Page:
EU funds project tackling methane slip from marine engines

Written by Nick Blenkey
EU is funding research to reduce methane slip from marine engines

Methane being a significantly damaging greenhouse gas, the problem of methane slip from marine engines is seen as one of the biggest challenges to the wider uptake of LNG as a marine fuel.

Now a consortium that includes Wärtsilä has secured European Union funding to develop solutions minimizing methane slip from marine engines.

Called the Green Ray project, it brings together several companies from across the shipping value chain. In addition to Wärtsilä, members include shipbuilder Chantiers de l’Atlantique, ship owner CMA CGA, classification society DNV GL, the Finnish Meteorological Institute, ship manager MSC Cruises Management, non-profit organization Revolve Water and energy major Shell.

The project will develop on-engine technologies for low-pressure dual-fuel engines – both two- and four-stroke – as well as a novel aftertreatment concept developed by Shell. The project aims to advance these solutions to a high state of technology readiness, including demonstrators installed on two newbuilds and one retrofitted to an existing vessel.

All the technologies developed will also be fully capable of utilization with bio- or synthetic methane as well as fossil LNG.

Wärtsilä will develop technology specifically for low pressure four-stroke dual fuel engines that enables methane slip reduction, increases efficiency and lower operational costs at all engine loads. This technology targets the largest four-stroke engines on the market as widely used by cruise ships, ferries and gas carriers.

Targeting methane slip from tankers, containerships, and other larger vessels, Wärtsilä will also develop an on-engine technology for two-stroke engines centered on a patented LNG injection system.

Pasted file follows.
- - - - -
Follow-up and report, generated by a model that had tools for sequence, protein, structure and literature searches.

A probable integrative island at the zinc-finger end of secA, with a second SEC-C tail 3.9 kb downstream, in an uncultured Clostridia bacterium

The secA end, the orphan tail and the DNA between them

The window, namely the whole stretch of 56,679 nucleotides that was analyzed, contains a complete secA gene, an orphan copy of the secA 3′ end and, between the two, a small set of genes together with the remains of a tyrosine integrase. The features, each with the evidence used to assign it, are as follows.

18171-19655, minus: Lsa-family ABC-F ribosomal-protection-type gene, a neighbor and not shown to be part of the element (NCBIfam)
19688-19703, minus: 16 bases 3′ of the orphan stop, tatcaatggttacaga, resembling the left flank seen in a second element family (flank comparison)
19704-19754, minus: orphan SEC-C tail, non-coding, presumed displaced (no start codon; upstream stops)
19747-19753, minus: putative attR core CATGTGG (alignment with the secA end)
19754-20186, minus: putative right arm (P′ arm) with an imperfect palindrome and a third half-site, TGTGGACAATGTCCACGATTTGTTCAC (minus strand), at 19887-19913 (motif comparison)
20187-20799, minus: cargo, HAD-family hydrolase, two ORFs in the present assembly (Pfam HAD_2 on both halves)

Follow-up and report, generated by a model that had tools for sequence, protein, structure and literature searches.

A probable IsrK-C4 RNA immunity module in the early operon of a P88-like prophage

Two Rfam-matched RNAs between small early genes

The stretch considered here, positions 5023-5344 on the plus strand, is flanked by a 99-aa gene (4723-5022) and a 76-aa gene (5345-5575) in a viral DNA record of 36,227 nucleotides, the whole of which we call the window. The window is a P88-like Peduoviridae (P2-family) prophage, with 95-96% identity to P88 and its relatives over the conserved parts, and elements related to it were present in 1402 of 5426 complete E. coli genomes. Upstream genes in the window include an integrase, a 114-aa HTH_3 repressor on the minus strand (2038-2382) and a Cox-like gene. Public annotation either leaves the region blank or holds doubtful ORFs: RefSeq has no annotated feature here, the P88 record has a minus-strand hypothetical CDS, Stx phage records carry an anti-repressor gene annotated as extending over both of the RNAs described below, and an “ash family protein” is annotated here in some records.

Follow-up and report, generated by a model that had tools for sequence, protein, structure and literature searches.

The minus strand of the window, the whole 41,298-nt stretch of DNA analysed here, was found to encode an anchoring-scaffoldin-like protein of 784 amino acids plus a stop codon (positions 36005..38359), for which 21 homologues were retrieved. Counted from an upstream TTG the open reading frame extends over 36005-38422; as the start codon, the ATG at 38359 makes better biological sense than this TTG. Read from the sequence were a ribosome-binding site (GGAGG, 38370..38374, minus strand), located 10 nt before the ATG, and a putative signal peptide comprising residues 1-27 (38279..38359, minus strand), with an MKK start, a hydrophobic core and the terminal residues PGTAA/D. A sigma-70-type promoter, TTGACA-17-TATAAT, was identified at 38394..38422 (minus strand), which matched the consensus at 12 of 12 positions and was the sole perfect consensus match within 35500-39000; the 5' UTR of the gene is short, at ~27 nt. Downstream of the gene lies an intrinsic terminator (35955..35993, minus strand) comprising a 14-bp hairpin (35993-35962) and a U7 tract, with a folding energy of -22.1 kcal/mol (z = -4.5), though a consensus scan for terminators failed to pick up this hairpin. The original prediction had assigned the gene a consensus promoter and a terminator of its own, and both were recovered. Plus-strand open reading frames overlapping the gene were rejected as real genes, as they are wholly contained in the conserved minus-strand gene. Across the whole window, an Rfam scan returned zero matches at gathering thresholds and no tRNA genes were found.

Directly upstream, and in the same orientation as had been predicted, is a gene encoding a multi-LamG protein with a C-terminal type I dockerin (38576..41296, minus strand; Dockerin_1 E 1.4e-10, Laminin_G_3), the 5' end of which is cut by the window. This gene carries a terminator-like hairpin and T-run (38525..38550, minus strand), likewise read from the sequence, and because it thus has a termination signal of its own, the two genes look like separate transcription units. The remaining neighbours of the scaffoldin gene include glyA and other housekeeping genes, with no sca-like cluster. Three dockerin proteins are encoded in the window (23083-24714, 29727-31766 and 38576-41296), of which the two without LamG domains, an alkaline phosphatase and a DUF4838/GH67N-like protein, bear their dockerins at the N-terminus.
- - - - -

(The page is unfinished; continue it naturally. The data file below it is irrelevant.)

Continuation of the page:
Both technologies will be demonstrated at sea in real application during the project in collaboration with the Green Ray partners.

“Methane slip has become an important factor in ship owners’ decisions about whether to use LNG fuel,” said Kati Lehtoranta, principal scientist, VTT. “With these promising technologies we aim to reduce the slip contributing directly to reduction of the total greenhouse gas emissions, opening this pathway to even wider segment of the maritime market.”


Shell has developed a proprietary methane abatement catalyst system that has been lab tested and scaled up to a field demonstration, where it was proven to be effective not only in significantly reducing methane slip (over 90%), but also in handling typical compounds that can degrade the catalyst, via the inclusion of a guard bed.

“Shell’s climate ambition to become a net-zero emissions energy business by 2050 will require us to explore a range of avenues that have the potential to help us, our partners, and customers to decarbonize the existing LNG value chain. We are continuously working to improve the value proposition of LNG through dedicated technology research, and we are keen to develop potential solutions to minimise methane slip at such a relevant project as Green Ray,” says Alexander Boekhorst, VP gas processing and conversion technology at Shell.


“This research will allow us to build on the continuous improvements made in reducing methane slip from marine engines over the past twenty years,” said Sebastiaan Bleuanus, general manager, research coordination & funding, Wärtsilä Marine Power. “Taking these solutions for newbuilds and retrofits to near commercial readiness will be an important step for the long-term viability of LNG as a marine fuel.”

The Green Ray project has received funding of around €7 million (about $7.4 million) from Horizon Europe. It will run until 2027.

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